I met Kim on my first job out of college, building document databases for a legal consulting firm based in the suburbs of Washington, D.C. I had reluctantly agreed to transfer to Raleigh to work at a client site. We had a cavernous room on the unfinished top floor of the client’s headquarters, where five or six of us consulting types shared spaces with an army of paralegals and oversaw the daily sweatshop-style production of a team of document coders.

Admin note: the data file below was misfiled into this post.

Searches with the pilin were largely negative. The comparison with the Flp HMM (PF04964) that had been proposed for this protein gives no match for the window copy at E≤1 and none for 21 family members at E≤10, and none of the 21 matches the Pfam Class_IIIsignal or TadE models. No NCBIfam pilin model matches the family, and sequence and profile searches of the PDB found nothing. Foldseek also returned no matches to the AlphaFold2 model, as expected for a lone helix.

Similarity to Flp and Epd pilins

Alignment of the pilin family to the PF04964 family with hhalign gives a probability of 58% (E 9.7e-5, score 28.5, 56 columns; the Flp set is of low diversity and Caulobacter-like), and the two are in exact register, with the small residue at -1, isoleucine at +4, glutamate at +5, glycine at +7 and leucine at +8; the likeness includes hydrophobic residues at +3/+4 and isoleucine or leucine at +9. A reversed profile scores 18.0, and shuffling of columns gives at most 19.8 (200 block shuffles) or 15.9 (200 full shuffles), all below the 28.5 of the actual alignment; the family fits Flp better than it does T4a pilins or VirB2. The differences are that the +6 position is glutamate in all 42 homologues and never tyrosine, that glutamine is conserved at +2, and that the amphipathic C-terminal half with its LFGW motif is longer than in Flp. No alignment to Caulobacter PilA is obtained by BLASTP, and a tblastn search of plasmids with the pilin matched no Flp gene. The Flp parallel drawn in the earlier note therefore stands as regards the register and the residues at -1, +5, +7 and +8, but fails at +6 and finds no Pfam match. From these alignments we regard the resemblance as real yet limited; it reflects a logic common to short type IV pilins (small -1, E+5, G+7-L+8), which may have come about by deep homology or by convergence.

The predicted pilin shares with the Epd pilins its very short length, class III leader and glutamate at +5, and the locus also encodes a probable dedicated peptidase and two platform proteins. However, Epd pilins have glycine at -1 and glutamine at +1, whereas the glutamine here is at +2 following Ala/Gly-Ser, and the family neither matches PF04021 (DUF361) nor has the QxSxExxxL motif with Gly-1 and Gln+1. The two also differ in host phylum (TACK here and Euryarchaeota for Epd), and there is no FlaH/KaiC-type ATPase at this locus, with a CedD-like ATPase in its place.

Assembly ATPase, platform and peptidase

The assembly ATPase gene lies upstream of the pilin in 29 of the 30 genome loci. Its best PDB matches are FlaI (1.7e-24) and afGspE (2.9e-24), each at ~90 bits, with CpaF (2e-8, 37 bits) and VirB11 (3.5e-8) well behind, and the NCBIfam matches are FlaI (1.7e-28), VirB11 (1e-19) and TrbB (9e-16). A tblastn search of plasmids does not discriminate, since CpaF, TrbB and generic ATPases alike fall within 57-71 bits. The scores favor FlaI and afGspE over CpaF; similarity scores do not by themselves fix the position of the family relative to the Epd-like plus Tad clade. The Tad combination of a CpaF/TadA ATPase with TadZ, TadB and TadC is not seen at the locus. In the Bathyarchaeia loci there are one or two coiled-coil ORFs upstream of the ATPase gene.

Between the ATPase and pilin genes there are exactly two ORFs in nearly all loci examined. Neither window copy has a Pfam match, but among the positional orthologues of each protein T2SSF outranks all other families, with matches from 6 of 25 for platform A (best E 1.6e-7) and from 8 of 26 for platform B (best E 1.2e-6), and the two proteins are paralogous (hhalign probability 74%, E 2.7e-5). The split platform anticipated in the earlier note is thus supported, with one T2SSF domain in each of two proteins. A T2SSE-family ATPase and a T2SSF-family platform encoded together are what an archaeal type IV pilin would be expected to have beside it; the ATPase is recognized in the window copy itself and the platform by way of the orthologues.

The coders were untrained temps brought on from a local firm and maybe five percent of them possessed a work ethic. As one of the few “real” employees of the consulting firm, I was considered management. When I wasn’t building databases from the coders’ work, my job was to oversee them — and I’ve never felt so miserable in my life. I sat in a little room off the main drag, sharing spaces with another database administrator, several overheated DOS computers and an impossibly loud dot-matrix printer. I signed off on the comings and goings on the main floor, where the atmosphere was akin to Romper Room. I reported to two man-haters — one, a bipolar lesbian with an axe to grind and a tendency to make our female employees feel uncomfortable; the other, a chain-smoking micromanager who had no social life and forced her management employees to attend Saturday meetings at her house, where her brooding German shepherds made me feel slightly less threatened than she did.